WORDS MATTER

Living with Alzheimer’s and related dementias ought to be a lot easier today than just a few years ago; after all, much effort is on raising awareness that people with dementia are not sick or ill as such. Yet in spite of our earnest efforts, as a culture we’re still held back by our language. There’s an automatic conflict when we push for “aging-in-place” and “dementia friendly communities” while still referring to people living with dementia as patients, victims, sufferers, and demented; we talk about the longest day, the long goodbye, war on and fighting against Alzheimer’s.

Even using the term Alzheimer’s disease. One geriatrician compares Alzheimer’s disease to Down syndrome, challenging us to imagine how differently we would consider folks if they were living with Down disease. Thanks to a change in attitude and language we’ve come to accept people of varying abilities, both physically and intellectually. But as a culture we still have a hard time accepting that people living with Alzheimer’s syndrome can have rich and purposeful lives for many years. We need to shift our mindset away from this population being “sick” as in “disease”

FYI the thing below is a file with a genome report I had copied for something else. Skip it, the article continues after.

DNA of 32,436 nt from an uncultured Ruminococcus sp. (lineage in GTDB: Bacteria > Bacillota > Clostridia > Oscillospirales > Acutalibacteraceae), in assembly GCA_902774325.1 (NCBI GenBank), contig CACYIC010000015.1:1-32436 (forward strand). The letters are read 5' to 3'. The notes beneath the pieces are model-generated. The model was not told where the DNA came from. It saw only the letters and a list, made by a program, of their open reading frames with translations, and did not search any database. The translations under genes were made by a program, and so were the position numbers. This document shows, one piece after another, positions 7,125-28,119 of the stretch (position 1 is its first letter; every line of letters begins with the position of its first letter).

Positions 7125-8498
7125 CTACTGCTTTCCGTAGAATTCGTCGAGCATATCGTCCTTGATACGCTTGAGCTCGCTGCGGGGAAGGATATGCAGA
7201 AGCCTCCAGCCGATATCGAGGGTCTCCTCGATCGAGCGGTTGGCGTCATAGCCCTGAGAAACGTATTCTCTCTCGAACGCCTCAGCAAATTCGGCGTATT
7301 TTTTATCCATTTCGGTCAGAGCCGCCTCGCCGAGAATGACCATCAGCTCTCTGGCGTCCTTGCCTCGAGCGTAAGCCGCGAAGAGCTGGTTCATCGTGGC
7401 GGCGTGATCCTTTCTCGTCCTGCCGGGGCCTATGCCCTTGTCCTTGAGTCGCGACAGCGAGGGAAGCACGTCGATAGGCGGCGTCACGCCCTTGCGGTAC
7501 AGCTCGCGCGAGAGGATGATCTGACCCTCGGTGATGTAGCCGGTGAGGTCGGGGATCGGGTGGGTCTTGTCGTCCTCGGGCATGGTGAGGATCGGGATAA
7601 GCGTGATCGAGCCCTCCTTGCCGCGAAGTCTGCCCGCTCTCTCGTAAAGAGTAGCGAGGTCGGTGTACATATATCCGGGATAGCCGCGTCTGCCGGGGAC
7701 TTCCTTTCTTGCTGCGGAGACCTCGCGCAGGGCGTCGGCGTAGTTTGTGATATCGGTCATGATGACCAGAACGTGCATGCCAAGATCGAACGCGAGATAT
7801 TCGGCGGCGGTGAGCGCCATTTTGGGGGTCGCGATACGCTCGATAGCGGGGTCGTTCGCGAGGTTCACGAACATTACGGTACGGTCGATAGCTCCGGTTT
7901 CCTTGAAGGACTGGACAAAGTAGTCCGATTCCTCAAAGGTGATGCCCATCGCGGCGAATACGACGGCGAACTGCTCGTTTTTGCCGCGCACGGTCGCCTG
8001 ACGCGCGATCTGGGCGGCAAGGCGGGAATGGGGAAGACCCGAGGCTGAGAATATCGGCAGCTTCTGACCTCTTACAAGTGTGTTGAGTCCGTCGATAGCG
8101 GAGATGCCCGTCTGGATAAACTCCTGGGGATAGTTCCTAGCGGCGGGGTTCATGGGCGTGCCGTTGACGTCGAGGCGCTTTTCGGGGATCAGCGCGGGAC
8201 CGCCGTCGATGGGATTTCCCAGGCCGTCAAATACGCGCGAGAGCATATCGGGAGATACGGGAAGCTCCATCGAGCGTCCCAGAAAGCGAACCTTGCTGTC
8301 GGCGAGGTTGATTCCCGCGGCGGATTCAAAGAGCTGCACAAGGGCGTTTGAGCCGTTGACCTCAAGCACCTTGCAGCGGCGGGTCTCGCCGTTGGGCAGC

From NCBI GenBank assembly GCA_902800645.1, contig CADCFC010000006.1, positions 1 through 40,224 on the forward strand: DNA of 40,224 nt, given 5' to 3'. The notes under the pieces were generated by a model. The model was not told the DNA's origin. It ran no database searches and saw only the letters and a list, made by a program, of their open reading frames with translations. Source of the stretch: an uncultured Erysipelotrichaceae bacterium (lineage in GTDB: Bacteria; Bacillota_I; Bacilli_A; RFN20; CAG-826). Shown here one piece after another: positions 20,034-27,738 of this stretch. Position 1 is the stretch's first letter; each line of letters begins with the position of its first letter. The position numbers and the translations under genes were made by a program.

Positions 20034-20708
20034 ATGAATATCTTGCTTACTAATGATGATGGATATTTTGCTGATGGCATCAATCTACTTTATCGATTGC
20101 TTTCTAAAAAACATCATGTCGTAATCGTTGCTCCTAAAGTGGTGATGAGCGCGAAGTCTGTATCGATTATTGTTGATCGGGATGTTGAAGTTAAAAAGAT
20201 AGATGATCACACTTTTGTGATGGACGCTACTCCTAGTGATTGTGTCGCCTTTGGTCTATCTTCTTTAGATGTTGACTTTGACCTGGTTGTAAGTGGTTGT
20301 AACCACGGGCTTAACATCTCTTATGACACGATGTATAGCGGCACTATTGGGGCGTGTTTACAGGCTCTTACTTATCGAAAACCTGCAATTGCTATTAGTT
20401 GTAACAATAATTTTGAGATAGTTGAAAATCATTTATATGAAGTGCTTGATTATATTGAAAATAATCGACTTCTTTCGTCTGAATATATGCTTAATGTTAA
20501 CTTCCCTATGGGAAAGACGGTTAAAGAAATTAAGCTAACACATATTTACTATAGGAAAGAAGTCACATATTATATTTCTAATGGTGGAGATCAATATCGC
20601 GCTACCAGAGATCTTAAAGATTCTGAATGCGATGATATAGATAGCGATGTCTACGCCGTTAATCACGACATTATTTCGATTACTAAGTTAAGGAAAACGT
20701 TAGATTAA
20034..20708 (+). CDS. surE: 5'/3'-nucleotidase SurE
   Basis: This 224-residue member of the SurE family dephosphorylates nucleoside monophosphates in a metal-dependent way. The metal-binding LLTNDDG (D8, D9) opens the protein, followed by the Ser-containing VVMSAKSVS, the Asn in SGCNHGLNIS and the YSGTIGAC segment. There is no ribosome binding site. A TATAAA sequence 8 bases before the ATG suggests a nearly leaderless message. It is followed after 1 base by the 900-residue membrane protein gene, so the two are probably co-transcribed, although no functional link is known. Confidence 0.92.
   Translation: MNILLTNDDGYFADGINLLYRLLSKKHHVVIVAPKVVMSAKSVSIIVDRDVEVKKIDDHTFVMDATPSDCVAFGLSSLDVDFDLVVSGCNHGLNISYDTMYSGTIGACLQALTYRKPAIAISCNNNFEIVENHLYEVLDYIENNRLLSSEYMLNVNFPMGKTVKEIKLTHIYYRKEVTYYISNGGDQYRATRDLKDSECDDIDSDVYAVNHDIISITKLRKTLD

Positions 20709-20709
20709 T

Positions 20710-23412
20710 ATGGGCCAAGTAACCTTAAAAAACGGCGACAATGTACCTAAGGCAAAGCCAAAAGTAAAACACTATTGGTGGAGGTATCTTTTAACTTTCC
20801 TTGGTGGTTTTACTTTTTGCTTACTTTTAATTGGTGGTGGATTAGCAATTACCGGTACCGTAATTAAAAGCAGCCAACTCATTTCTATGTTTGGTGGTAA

Other terms or words that we routinely still use further reinforce the idea of illness and helplessness: empty shell, disappeared, afflicted, subject, or ward; not all there, no longer there, dotty, wanderer, screamer, or sundowner.

APPROPRIATE TERMS,
With and about people living with dementia, including Alzheimer’s

Let’s change our terminology:
“Patient” is only acceptable in medical settings, i.e. Doctorsʼ offices – otherwise a person is a resident, client, friend, family member etc.
“Diapers” are for babies. Adults use briefs or underwear.
“Bib” is also for babies or lobster restaurants; otherwise it can be a napkin or neck napkin. If youʼd be offended, itʼs not okay for anyone else

INAPPROPRIATE TERMS at any time:

The majority of these terms reflect how we tend to view dementia, including Alzheimer’s from the point of view of the cognitively abled, rather than attempting to look at the world from that person’s point of view. We may see someone as being aggressive, when he’s frustrated at not being able to convey his wishes. Aggression, agitation, and anger are “expressive behaviors” when people cannot make themselves understood through language. One example is“wandering” . When a person with dementia goes out the door alone, we tend to panic because he has “wandered” off – in his mind he may be exploring, “going home”, or even simply enjoying the fresh air.

The easiest way to gauge the appropriate terms to use is to put ourselves in his shoes, think of the situation from his point of view, and remember that he’s unable to express his feelings about the pain and alienation he may feel when subjected to these derogatory expressions.

Making the point: https://www.youtube.com/watch?v=Wgi0t2ap-us

 Submitted by Dr. Jytte Fogh Lokvig, Alzheimer’s Specialist.